The Trans-Australian Railway, completed in 1917, was a major infrastructure project for the newly formed Australian Commonwealth. It linked the eastern and western states, from Port Augusta, South Australia, to Kalgoorlie, Western Australia. Joining this vast and isolated 1,693-kilometre stretch required 2.5 million hardwood sleepers and 140,000 tonnes of rail track!

Australia Post is commemorating 100 years since the completion of the Trans-Australian Railway with an issue of two stamps, which was released on 4 July 2017. The stamp designs incorporate vintage travel posters from State Library Victoria, including the “Across Australia” poster by well-known graphic artist James Northfield.

A nation-building project

As well as serving the practical function of enabling travel, the railway also provided a sense of optimism for the future, especially in the wake of the Great War. In fact, when it was opened, the then treasurer Sir John Forrest exclaimed, “Today, East and West are indissolubly joined together by bands of steel, and the result must be increased prosperity and happiness for the Australian people”. This declaration of ‘joining together’ was rather apt, as the promise of the railway was an effective lure to convince a reluctant Western Australia to join the Commonwealth.

In 1907, engineers and surveyors began preliminary work, conceiving the railway’s route across the Nullarbor desert. Construction of the line began in September 1912, under the auspices of the newly established Commonwealth Railways, and the first sod was turned at Port August on 14 September 1912.

Ceremonial shovel used for the turning of the first sod at works on railways commenced at Port Augusta, Oodnadatta, Tarcoola and Alice Springs between 1912 and 2001. Photo Lannon Harley, National Museum of Australia.

For five years, teams worked simultaneously from both ends of the line. While the outbreak of war in 1914 made sourcing labour and materials challenging, by 1916 more than 3,400 workers were employed on the project. The construction teams finally met up four kilometres west of Ooldea on 17 October 1917, to complete the immense and arduous project. Five days later the first passenger train set off from Port Augusta, arriving at Kalgoorlie after 42 hours and 48 minutes.

Much needed travel improvements

The Trans-Australian Railway was one of the first major pieces of work following Federation. It facilitated supply of goods to isolated areas of South Australia and put Western Australia on the map as a tourist destination.

Prior to the railway, travel between Australia’s east and west consisted of a difficult journey by sea. Eastbound travellers who took the new Trans-Australian railway, however, arrived in Melbourne three days earlier than those making the journey by sea. Passengers could also enjoy hot showers on board, dining cars, a lounge and even piano sing-alongs. This made the railway an attractive option for politicians, performers and even members of the royal family. However, ordinary Australians also enjoyed greater opportunities for recreational travel. When the standard-gauge line was extended, in 1969, west from Kalgoorlie to Perth and east from Port Augusta to Sydney, it became possible to travel coast to coast across Australia by train.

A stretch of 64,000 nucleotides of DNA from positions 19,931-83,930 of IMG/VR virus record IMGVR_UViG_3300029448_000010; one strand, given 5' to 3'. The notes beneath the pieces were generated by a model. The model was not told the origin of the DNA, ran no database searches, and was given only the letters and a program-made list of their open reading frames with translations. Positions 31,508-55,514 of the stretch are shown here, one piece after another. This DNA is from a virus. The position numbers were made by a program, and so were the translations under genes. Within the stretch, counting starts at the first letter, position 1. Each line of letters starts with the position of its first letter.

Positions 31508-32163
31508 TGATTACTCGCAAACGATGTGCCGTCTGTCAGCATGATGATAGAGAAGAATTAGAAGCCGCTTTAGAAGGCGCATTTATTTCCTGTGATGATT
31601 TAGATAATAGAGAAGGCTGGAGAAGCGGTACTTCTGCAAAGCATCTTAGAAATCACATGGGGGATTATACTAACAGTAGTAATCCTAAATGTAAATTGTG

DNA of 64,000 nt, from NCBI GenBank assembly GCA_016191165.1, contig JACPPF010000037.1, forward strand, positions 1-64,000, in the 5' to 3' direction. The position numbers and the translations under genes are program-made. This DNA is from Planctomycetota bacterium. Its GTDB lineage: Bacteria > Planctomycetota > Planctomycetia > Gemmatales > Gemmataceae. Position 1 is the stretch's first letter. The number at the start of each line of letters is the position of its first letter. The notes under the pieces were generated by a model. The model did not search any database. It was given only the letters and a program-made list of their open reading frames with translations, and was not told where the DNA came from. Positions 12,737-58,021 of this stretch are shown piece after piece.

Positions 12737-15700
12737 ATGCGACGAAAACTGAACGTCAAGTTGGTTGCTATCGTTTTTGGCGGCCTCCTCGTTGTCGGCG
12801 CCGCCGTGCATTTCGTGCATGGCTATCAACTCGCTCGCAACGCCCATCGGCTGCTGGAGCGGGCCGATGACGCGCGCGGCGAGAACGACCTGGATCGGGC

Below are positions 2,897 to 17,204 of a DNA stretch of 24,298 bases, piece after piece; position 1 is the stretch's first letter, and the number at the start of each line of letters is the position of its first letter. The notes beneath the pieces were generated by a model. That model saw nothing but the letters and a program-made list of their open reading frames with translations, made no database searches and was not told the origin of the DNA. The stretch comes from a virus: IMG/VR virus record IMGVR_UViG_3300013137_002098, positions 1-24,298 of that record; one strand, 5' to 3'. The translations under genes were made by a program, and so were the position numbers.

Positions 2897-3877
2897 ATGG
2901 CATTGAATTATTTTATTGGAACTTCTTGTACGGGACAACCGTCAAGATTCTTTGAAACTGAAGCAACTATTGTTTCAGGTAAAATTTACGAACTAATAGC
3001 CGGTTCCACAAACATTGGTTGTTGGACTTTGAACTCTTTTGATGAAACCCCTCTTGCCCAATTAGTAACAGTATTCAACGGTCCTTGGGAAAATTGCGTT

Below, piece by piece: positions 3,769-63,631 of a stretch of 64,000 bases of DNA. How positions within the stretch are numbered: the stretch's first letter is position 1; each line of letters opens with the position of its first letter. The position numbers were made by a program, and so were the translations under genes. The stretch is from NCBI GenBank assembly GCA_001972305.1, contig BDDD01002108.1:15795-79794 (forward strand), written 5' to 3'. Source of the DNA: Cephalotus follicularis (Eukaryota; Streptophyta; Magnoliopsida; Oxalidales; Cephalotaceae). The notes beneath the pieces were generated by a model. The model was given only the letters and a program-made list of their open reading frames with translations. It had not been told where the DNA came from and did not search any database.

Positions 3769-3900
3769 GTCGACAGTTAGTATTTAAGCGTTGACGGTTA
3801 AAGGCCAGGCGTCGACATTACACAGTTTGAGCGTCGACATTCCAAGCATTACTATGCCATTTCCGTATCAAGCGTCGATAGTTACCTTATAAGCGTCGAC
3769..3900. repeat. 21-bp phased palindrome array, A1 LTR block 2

A postal connection

There’s an important postal connection to the Trans-Australian Railway, too. The Trans-Australian Railway’s “tea and sugar train” provided stamp sales, money orders and banking facilities for railway employees working along the line. The train’s post office, which operated to 1986, was the middle section of one carriage. It had a small public area and a foothold to reach the counter, when the train stopped between stations. The railway also cut mail delivery times between Adelaide and Perth by two days but it also provided a vital link for overseas mail.

Learn more about the connection between mail and rail

Special products for the Perth Stamp Show

Australia Post will be attending the Perth Stamp and Coin Show between 7 and 9 July 2017, at the South Perth Community Centre. Two special products will be available at the show: A PNC, limited to 300 (100 released each day) that includes a special show postmark; and an imperforate minisheet (mint or cancelled to order), which also includes a show logo.

Selection of products available at the Perth Stamp and Coin Show 2017


The Trans-Australian Railway stamp issue is available from 4 July 2017, online, at participating Post Offices and via mail order on 1800 331 794, while stocks last.

View the gallery of stamps and technical details for this issue

This article was produced at the time of publication and will not be updated.

Philatelic Team